Social Security payments on the increase

Published 5:00 pm Saturday, October 29, 2011

For the first time in two years, Supplemental Security Income, or SSI, recipients will see a 3.6 percent boost in monthly benefits in 2012.

The higher payments come courtesy of the automatic cost-of-living adjustment, or COLA, that’s triggered by law for all Social Security benefits anytime inflation rises.

More than eight million SSI recipients will begin receiving the higher payments starting Dec. 30.

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For an individual receiving SSI, the maximum federal benefit will increase from $674 per month to $698. Similarly, payments to couples on SSI will rise from $1,011 to $1,048 monthly.

This is the first time since 2009 that Social Security recipients will see an automatic increase in payments.

That’s because for the past two years, inflation dropped or remained stagnant and there was no COLA. Since COLA took effect in 1975, 2010 and 2011 were the only years that an automatic increase in Social Security benefits did not occur.

Getting over the hurdles for young adults with disabilities

Young adults with disabilities are less likely to participate in traditional rights of passage like going to college or living independently than their typically developing peers, new research indicates. In the six years following high school, just 55 percent of those with disabilities continued their education compared to 62 percent of those without special needs.

Moreover, 36 percent said they lived alone, with a partner or roommate, as opposed to living with their parents. That compared to 44 percent of those without disabilities who said they lived independently.

The findings come from a report released this month by the National Center for Special Education Research, a division of the U.S. Department of Education’s Institute of Education Sciences.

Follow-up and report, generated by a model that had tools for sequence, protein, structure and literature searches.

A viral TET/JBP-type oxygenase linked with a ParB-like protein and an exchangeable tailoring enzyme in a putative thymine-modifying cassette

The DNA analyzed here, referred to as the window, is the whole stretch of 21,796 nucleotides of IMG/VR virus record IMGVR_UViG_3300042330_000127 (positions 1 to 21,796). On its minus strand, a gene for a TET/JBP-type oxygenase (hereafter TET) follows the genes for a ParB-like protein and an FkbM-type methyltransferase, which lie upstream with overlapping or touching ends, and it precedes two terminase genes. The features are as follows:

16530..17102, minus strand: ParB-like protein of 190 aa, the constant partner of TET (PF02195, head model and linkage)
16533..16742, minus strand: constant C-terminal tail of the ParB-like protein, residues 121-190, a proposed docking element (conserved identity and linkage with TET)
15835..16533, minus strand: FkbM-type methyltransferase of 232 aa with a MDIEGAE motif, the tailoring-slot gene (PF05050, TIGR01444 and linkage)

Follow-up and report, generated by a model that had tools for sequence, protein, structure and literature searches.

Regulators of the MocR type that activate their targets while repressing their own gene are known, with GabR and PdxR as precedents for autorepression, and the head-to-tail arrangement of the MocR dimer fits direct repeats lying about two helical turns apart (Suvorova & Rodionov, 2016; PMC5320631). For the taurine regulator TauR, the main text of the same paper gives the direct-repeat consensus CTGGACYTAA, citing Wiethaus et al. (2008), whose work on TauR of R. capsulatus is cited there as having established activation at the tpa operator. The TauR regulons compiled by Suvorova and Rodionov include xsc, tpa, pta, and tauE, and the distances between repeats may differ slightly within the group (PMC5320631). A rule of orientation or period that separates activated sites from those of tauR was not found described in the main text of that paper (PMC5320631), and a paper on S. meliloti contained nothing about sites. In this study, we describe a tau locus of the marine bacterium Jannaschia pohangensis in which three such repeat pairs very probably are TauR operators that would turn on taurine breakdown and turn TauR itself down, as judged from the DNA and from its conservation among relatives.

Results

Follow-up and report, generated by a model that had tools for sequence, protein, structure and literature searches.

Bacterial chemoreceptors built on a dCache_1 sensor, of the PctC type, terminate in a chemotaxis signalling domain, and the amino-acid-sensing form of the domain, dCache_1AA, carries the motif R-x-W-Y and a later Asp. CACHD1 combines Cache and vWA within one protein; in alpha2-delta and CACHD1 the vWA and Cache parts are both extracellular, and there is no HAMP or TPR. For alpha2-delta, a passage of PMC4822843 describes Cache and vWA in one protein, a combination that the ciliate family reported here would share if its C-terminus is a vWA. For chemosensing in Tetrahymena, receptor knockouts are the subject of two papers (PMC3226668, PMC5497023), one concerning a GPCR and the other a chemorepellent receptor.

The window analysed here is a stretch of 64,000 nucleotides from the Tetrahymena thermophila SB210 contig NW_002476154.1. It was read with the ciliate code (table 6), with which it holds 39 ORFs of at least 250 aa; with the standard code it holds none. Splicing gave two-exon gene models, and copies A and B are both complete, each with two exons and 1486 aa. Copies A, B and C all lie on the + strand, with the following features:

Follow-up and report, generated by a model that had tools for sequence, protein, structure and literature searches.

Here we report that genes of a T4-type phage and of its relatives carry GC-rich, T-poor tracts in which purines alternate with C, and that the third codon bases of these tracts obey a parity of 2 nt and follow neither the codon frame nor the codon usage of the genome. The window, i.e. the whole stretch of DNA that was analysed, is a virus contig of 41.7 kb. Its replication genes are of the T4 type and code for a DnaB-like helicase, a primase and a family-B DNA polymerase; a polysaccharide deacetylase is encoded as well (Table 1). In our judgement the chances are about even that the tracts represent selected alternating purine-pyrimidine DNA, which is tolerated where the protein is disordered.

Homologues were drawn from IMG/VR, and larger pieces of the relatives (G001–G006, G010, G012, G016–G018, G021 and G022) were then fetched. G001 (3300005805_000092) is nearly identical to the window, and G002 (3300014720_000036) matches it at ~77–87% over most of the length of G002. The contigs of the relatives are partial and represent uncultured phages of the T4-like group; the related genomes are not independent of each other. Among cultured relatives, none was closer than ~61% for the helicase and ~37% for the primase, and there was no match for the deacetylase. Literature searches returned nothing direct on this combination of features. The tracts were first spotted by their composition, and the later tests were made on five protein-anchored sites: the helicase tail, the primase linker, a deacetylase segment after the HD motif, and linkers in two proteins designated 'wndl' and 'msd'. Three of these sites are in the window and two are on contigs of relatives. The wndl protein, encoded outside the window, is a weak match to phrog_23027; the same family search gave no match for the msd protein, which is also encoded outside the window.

It’s based on data from a 10-year study of more than 11,000 students with disabilities from across the nation who were ages 13 to 16 and receiving special education services in December 2000.

Researchers looked specifically at students who had completed high school by 2007 when the students or their parents were surveyed.

They found great disparities between the achievements of students with and without disabilities, but also noted significant differences amongst students depending on the type of disability they had. Students with hearing or visual impairments, for example, were much more likely to attend a postsecondary education program than those with autism or intellectual disability.

Similarly, while 71 percent of those with and without disabilities said they had a paying job outside of the house, the employment situation varied depending on the severity of a person’s disability.

Among those with multiple disabilities, autism or intellectual disability, only about 45 percent said they were working and their wages were the lowest of any group.


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